Where do we go from here?: The Future of Upward Anthropology in the Wake of AAA2014 and the Failure of Justice

First, I want to thank everyone who attended our meeting at Sankofa last Thursday, and for making the AAA conference so amazing. It was a challenging experience for many of us – attending the conference while also attempting to support local protest activities around the Mike Brown and Eric Garner cases. It sparked a lot of reflection, and gave me a renewed sense of the importance of this project for both building a better world, and for enacting a different kind of anthropology.


Upward Anthropologists and many others took part in marches this past week to protest the Eric Garner and Mike Brown decisions.


In thinking about these issues, I have some ideas about how we should move forward with this project. First of all, I think it is important to remember that this group started as a localized way to bring anthropologists together in the DC metropolitan area for the specific purpose of assembling data that would contribute to a broader ethnography of power here in one of the most concentrated nodes of power in the US. Our hope is that such an ethnography would provide activists and others with the maps and tools needed to transform or undermine those very structure of power. With that in mind, I will spend the next year building the local community of upward anthropologists and setting up the necessary platforms and resources that the community will use to assemble an ethnography of power.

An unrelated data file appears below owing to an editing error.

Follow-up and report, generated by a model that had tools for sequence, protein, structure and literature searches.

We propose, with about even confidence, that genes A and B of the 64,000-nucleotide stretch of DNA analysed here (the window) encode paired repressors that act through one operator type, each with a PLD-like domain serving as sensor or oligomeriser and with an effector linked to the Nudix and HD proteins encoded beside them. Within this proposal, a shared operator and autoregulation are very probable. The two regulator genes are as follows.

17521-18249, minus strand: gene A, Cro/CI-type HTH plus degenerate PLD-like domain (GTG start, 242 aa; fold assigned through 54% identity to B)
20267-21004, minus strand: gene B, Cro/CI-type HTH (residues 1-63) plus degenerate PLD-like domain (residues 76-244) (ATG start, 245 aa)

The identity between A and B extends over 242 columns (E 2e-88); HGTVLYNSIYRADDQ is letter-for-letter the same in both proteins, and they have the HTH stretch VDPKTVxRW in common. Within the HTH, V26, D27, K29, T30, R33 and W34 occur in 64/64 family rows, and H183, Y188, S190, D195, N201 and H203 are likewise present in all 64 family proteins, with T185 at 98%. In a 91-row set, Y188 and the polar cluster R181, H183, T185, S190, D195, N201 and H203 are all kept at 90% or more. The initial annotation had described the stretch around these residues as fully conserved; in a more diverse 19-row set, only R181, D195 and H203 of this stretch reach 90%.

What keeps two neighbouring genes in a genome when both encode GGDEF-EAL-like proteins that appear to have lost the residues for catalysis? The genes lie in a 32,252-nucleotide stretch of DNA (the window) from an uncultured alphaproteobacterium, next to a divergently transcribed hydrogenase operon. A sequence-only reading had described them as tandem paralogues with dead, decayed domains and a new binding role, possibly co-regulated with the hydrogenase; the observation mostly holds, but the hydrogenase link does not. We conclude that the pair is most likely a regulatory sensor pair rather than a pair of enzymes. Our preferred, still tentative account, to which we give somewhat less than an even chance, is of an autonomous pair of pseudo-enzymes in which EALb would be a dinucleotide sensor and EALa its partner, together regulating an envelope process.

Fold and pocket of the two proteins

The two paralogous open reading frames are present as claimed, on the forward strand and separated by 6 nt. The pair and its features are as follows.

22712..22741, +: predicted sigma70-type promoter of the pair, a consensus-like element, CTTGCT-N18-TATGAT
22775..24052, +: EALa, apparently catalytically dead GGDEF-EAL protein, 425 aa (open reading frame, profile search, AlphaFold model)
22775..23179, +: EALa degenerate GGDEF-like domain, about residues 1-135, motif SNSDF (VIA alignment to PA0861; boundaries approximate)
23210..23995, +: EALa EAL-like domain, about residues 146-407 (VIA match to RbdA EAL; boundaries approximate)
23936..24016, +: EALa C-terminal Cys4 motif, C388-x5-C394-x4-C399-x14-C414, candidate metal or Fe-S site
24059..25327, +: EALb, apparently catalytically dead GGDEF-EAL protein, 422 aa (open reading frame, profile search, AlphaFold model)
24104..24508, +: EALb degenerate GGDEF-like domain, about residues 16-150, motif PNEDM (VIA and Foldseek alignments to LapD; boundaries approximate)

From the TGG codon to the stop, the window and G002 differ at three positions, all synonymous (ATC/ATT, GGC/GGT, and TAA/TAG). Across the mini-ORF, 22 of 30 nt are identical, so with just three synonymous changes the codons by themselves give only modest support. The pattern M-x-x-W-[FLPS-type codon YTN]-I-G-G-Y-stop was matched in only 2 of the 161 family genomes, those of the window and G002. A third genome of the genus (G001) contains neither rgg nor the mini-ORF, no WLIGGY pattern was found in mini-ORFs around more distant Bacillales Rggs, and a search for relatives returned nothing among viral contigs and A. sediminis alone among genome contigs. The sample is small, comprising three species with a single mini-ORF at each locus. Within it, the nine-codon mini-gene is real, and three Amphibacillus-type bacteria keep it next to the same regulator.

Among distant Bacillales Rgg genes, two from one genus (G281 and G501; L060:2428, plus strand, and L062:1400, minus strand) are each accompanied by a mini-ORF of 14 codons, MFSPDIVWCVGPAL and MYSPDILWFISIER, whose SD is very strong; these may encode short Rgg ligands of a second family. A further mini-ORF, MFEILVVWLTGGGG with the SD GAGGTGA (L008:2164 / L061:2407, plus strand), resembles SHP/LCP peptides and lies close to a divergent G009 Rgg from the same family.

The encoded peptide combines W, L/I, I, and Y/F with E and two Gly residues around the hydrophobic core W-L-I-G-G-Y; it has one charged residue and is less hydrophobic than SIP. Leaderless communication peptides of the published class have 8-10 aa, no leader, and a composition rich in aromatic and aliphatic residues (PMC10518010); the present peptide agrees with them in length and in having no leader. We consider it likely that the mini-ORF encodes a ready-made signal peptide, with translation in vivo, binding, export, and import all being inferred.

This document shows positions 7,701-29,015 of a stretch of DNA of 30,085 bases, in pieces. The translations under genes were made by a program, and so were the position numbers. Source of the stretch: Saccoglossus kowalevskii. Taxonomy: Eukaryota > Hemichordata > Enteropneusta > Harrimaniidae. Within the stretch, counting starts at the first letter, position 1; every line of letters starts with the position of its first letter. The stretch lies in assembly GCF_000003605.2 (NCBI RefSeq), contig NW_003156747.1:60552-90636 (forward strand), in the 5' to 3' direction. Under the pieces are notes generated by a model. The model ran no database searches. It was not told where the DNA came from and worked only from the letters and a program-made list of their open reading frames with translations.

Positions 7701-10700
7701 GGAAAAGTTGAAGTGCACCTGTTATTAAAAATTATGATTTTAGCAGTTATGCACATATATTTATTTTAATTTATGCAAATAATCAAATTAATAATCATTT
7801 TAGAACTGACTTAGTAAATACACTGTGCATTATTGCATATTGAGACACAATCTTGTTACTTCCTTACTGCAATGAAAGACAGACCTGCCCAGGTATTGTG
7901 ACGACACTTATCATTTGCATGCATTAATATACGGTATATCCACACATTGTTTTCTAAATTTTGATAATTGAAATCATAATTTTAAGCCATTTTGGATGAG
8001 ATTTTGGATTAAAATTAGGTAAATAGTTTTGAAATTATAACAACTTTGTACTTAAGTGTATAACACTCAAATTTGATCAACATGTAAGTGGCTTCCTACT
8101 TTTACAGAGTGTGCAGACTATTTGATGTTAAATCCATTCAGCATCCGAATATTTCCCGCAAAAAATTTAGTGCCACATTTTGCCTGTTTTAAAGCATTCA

However, DC does not exist in isolation. Another part of our purpose is to build a network of similar localized upward anthropology communities so that the various localized structures of power can be situated within broader systems of power operating at national, regional, and global scales. That, more or less, is the function of this website, the Facebook page, and the Twitter account. We’ve come a long way since our first meeting at AU PAC a year and a half ago, but we’ve still got a long way to go – this was made apparent last week at the conference. In order to accomplish this second goal, we need your help. I see two tasks ahead of us: 1) to promote the idea of upward anthropology within the discipline, and 2) to encourage and enable anthropologists to begin organizing their own localized upward anthropology groups.

The first task means reaching out to other anthropologists and encouraging them to talk about upward anthropology – on this blog or elsewhere. If you’d like to help by writing a post for this blog, contributing to our social media, or anything else, please contact me (jmtrombley at gmail)! The second task is not so clear to me. I have the sense that people are reluctant to organize their own upward anthropology communities for a variety of reasons. So if you have any suggestions for how to do this, please let me know. If you already are organizing upward anthropology activities – by this or any other name – keep me posted! I have no intention of coopting what anyone else is doing, but I would like to be able to use the resources we’ve pulled together to bring attention to any work that is being done.

The next year will be a busy one. I mentioned last week that, between this project and my dissertation, I’m starting to feel like I’m leading a double life. It will all be worth it in the end, though, if we can begin to build a better anthropology and a bette world.


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